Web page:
Experts in new bid to unravel ‘secrets’ of pyramids


Share post:

A group of Egyptian and foreign experts launched Sunday a new bid to unravel the “secrets” of the pyramids, including a search for hidden chambers inside four famed pharaonic monuments.

Experts in new bid to unravel 'secrets' of pyramids
An Egyptian guide walks leading a horse at the Giza pyramids 
on the southern outskirts of Cairo, on September 27, 2015 
[Credit: AFP/Mohamed el-Shahed]

Architects and scientists from Egypt, France, Canada and Japan will use modern infra-red technology and advanced detectors to map two pyramids at Giza and the two Dahshur pyramids, south of Cairo.

“This special group will study these pyramids to see whether there are still any hidden chambers or other secrets” inside them, Minister of Antiquities Mamduh al-Damati announced at a news conference.

“These engineers and architects will conduct the survey using non-destructive technology that will not harm the pyramids,” he said.

Experts in new bid to unravel 'secrets' of pyramids
Detectors, placed at appropriate places (e.g. inside the pyramid, under a possible yet 
undetected chamber) allow, by accumulation of muons over time, to discern the void 
areas (that muons crossed without problem) from denser areas where some of them
 were absorbed or deflected [Egypt Ministry of Antiquities]

Experts said the study, known as “Scan Pyramids,” will also be a fresh attempt to understand how the monuments were built in the first place.

Many previous missions have attempted to unravel the mysteries of the pyramids, but archaeologists and scientists have yet to come up with a concrete theory explaining how the structures were built.

Khufu’s pyramid, also known as the Great pyramid of Giza — the tallest of all the pyramids — was built by the son of Snefru, founder of the fourth dynasty (2,575-2,465 BC), while the Khafre’s pyramid or Chephren was built by the son of Khufu.

Experts in new bid to unravel 'secrets' of pyramids
The Dahshur and Giza plateau will be reconstructed in 3D, with all their monuments,
 pyramids,temples, Sphinx by combine two technologies: photogrammetry … 
and drones [Egypt Ministry of Antiquities]

The two pyramids at Dahshur were built by Snefru.

“The idea is to find the solution to the mystery of the pyramids,” said Mehdi Tayoubi, founder of Paris-based HIP Institute that is participating in the project.

“A similar attempt was made 30 years ago, but this is the first project at a global level using cutting-edge technology to look inside the pyramids,” he told AFP.

Project “Scan Pyramids” is expected to last until the end of 2016.

Damati said the “infra-red and muon” technologies that would be used to search the four pyramids could also be useful to look for a possible hidden chamber in King Tutankhamun’s tomb, which may be the burial place of Queen Nefertiti.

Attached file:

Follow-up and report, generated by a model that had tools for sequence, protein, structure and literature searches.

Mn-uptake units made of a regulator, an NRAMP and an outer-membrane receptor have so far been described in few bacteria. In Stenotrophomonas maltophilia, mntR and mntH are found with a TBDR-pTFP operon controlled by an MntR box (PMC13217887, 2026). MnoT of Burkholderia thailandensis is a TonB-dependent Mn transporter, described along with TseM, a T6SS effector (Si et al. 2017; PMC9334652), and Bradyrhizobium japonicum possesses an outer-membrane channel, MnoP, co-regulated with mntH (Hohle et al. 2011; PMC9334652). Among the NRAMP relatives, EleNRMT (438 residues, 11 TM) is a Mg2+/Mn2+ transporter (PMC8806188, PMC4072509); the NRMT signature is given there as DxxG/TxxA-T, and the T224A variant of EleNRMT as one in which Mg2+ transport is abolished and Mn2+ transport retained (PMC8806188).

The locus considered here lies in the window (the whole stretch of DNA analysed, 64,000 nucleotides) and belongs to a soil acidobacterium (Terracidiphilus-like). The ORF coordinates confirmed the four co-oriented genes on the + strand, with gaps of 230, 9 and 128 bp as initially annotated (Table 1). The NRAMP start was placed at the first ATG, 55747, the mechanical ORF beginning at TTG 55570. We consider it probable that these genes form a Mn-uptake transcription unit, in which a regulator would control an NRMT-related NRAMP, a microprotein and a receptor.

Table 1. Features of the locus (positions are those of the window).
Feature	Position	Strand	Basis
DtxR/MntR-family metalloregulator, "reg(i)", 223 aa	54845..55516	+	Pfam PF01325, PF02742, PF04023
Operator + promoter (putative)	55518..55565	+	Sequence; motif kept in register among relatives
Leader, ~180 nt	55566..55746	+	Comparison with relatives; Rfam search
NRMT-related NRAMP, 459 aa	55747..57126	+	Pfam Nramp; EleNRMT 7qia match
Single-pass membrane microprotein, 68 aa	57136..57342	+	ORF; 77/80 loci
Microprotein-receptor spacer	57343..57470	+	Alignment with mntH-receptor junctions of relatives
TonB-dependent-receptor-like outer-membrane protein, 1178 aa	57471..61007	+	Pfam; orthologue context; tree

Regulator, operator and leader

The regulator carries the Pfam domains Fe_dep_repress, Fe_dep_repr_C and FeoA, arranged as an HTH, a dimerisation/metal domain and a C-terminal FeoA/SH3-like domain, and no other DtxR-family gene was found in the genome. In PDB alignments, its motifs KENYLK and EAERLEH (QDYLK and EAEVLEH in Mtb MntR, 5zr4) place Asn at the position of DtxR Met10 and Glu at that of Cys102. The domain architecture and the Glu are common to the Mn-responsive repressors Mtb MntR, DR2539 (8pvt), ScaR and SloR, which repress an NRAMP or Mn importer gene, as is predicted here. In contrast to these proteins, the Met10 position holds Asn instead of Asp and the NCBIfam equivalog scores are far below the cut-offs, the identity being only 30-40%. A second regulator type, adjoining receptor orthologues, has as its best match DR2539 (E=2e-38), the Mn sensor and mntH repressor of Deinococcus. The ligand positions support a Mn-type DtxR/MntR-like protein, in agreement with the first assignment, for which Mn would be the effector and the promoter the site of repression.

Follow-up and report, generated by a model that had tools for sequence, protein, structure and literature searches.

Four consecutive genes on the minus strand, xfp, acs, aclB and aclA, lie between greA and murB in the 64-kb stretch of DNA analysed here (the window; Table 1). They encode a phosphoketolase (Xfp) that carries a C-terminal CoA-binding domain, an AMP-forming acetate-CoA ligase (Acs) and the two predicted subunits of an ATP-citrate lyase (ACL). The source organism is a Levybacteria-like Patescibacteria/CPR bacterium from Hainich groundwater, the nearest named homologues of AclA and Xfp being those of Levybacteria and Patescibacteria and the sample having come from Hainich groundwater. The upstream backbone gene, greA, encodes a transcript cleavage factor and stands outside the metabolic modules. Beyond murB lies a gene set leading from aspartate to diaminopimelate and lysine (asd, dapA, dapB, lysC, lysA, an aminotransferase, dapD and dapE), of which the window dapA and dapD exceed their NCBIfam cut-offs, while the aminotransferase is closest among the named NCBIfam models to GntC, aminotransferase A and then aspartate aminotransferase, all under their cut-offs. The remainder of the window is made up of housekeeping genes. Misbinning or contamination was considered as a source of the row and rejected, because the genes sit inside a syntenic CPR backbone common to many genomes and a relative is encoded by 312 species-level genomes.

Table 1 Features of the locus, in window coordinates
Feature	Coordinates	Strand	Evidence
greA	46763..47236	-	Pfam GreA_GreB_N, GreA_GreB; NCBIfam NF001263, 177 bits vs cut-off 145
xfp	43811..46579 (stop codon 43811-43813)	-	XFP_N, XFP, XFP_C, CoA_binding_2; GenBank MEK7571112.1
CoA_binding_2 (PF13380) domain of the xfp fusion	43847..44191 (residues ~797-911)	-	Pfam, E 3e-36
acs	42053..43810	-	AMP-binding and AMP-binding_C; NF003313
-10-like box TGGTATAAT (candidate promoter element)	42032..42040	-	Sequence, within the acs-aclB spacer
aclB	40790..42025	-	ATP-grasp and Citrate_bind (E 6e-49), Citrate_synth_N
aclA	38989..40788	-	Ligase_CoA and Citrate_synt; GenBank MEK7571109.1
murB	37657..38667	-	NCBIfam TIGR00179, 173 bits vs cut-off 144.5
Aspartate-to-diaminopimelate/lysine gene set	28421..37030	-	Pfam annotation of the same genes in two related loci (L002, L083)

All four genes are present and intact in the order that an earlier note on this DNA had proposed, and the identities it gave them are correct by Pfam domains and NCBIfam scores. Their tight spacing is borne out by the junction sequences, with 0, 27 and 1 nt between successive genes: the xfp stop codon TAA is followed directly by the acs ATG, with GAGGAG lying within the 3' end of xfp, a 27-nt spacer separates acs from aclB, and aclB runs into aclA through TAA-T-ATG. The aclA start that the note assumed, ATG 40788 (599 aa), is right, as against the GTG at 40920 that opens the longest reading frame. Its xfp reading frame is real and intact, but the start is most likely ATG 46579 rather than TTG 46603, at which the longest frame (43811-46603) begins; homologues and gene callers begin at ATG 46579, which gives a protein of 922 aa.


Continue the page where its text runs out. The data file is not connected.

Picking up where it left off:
Archaeologists have never discovered the mummy of the legendary beauty, but renowned British archaeologist Nicholas Reeves said in a recent study that her tomb could be in a secret chamber adjoining Tutankhamun’s tomb in the Valley of Kings at Luxor, southern Egypt.

Reeves, who was in Luxor in September to probe his theory, believes one door of Tutankhamun’s tomb could conceal the burial place of Nefertiti.

Egypt has already approved using radars to search the boy king’s tomb, which was found by British Egyptologist Howard Carter in 1922.

Source: AFP [October 25, 2015]



Related articles

Hundreds of Liquor Bottles belonging to British Soldiers from World War I were Exposed near Ramla

An unexpected discovery was recently made in an archaeological excavation of the Israel Antiquities Authority being conducted in...

225 prehistoric graves discovered in North Brabant, Netherlands

A rescue excavation ahead of the planned construction of a new residential area in the Dutch village Berkel-Enschot...

2,700-year-old toilet found in Jerusalem was a rare luxury

Israeli archaeologists have found a rare ancient toilet in Jerusalem dating back more than 2,700 years, when private...

Medieval ‘chastising’ whip found at UK abbey

A whip used by monks to chastise themselves has been found at Rufford Abbey. The medieval item was...

Archaeologists resume work in Iraq’s Shanidar Cave

Archaeologists are now able to resume their work in northern Iraq's Neanderthal caves, thanks to the elimination of...

Ancient rock art discovered in the plains of India

In the evening breeze on a stony hilltop a day's drive south of Mumbai, Sudhir Risbud tramped from...

Underwater archaeological sites discovered near Tunis

A team from the Tunisian National Heritage Institute (INP) has discovered a series of underwater archaeological sites of...

Detectorists hit jackpot at sites across Wales

Hoards of Medieval and Tudor treasure has been found at sites across South Wales. Eight discoveries from the...